For most of us, it’s a condition easily treatable with a quick sip of honey and lemon or the kind offer of a Strepsil. Finding your voice sounds like some kind of pompous affliction writers complain about to somehow validate literary prowess.
While the whole issue of Voice sounds horribly pretentious, it actually comes down to entirely practical decisions you’ll make as you work on your novel. And it’s not a case of hypochondria. The symptoms are varied, but as common as catching a cold.
How you structure your novel will be influenced by your voice. How your protagonists sound will be created by your voice and translated by ear. Your approach to both determines how your story unfolds, and the ways in which readers navigate your plot.
I’ve always thought of books as many voices gathered around a dining table: some softly spoken, others prescriptive. Each warmly welcomed or slightly jarring to the ear. Ultimately, those different accents, interests and opinions contribute to a potentially fascinating and endless discussion. And lots of happily empty glasses.
The reason we pre-order that latest release or make it our mission to read through the trove of a new discovery is because that familiar voice of a favourite author becomes an old friend at the end of the line.
Reading their work, we glimpse a version of life from a unique perspective. A wicked one-liner whipped-up by Wilde. Stephen King drawing smiles on faces as waves of dread fill our veins. The gentle poignancy, soothing and unsettling, in the everyday observations of Anne Tyler. Bird’s eye views of Manhattan with McInerney.
But how many of us have ever heard ourselves before? So, when you find yourself silently conversing at a keyboard, all you can do is hope what you’re saying makes sense, let alone takes a reader along for the duration.
The idea of addressing a room, whether for a formal presentation or a lighthearted wedding speech, leaves most of us less than eager to take centre stage. It’s no wonder, working on a novel, that writers can become a little self-conscious; leaving their word count decidedly under-the-weather.
In those early stages, propelled by a voracious idea, no matter how compelling, we can suddenly find ourselves…well, saddled with a psychological Shetland pony, sabotaging our imaginary worlds. In other words, growing a little hoarse.
And that’s when it’s time to catch up with your characters.
My writing sews together like patchwork. Open any inconspicuous-looking cupboard or drawer at my place and you’ll unearth an avalanche of notebooks, printouts and articles. Initial sequences come to me. New ideas fascinate me. Characters introduce themselves. I overhear conversations and observe different settings. I see dead people. (Not really).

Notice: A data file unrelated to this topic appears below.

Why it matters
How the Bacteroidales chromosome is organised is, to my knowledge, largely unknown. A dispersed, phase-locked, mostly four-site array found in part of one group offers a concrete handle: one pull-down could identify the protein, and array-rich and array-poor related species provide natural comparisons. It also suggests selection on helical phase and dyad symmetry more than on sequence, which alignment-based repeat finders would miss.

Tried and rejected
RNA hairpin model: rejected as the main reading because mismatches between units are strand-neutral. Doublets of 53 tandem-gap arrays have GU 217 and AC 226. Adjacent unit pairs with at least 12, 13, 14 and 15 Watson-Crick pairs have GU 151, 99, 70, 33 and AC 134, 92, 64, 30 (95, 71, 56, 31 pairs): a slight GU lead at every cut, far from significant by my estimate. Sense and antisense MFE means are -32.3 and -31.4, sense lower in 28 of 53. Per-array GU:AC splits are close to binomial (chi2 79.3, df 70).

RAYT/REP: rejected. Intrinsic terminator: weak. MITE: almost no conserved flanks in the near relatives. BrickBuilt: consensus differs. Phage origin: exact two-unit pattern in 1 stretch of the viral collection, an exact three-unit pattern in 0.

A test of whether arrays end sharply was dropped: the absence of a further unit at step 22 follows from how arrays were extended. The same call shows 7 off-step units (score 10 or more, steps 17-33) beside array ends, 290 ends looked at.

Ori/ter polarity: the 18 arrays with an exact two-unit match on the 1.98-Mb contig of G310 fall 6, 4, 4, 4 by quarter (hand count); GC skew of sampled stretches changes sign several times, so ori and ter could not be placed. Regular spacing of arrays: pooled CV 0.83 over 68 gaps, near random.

This is where I play journalist, with some scenes written many years before, suddenly finding their rightful place in my latest project. It’s my job to transcribe those ideas into some semblance of order. To translate what my characters are trying to tell me.
All my voice does, is set the tone.
My literary laryngitis cleared up the moment I wrote comedy. I realised how much I enjoyed making people laugh. It was something I instinctively did. Satire was how I faced the day – my own sense of perspective fuelled by the wonderfully ludicrous ways of the world, and all of us in it. Humour was how I related to people.
That was my voice.
So, I stopped thinking about writing and tenses, or worrying about how I sounded and, instead, told a story the way I’d tell it: in my own voice. And that’s not pretentious at all. It’s about being comfortable with your work. It’s about telling your story the way only you could tell it.
Finding your voice should be no more daunting than writing a letter to your reader. You might be tempted to waste time trying to emulate your idols, but the results will create nothing but Karaoke. Your attempts to sound like JK Rowling, no matter how admirable the effort, will be as convincing to the reader as hearing Harry Potter read in a phony French accent. And not remotely as enjoyable. Even with you in that beret.
You’re the first reader of your book, but that doesn’t – and definitely shouldn’t – mean scrolling through your manuscript onscreen. Once you have something resembling a first draft, you’ll have already spent hours doing just that. What you need is to hear your voice aloud, and listen to your character’s dialogue.
I promise: every convoluted sentence or poorly chosen word will tie your tongue and infiltrate your eardrums. The secret to becoming a competent editor, virtually overnight, is to remember that if it doesn’t sound right, it isn’t good writing.
Now, let’s pour ourselves another glass of Woodford, and listen to what you’ve got to say. I’m all ears, because no one else tells that story, quite the way you tell it.
(c) Patricia Caliskan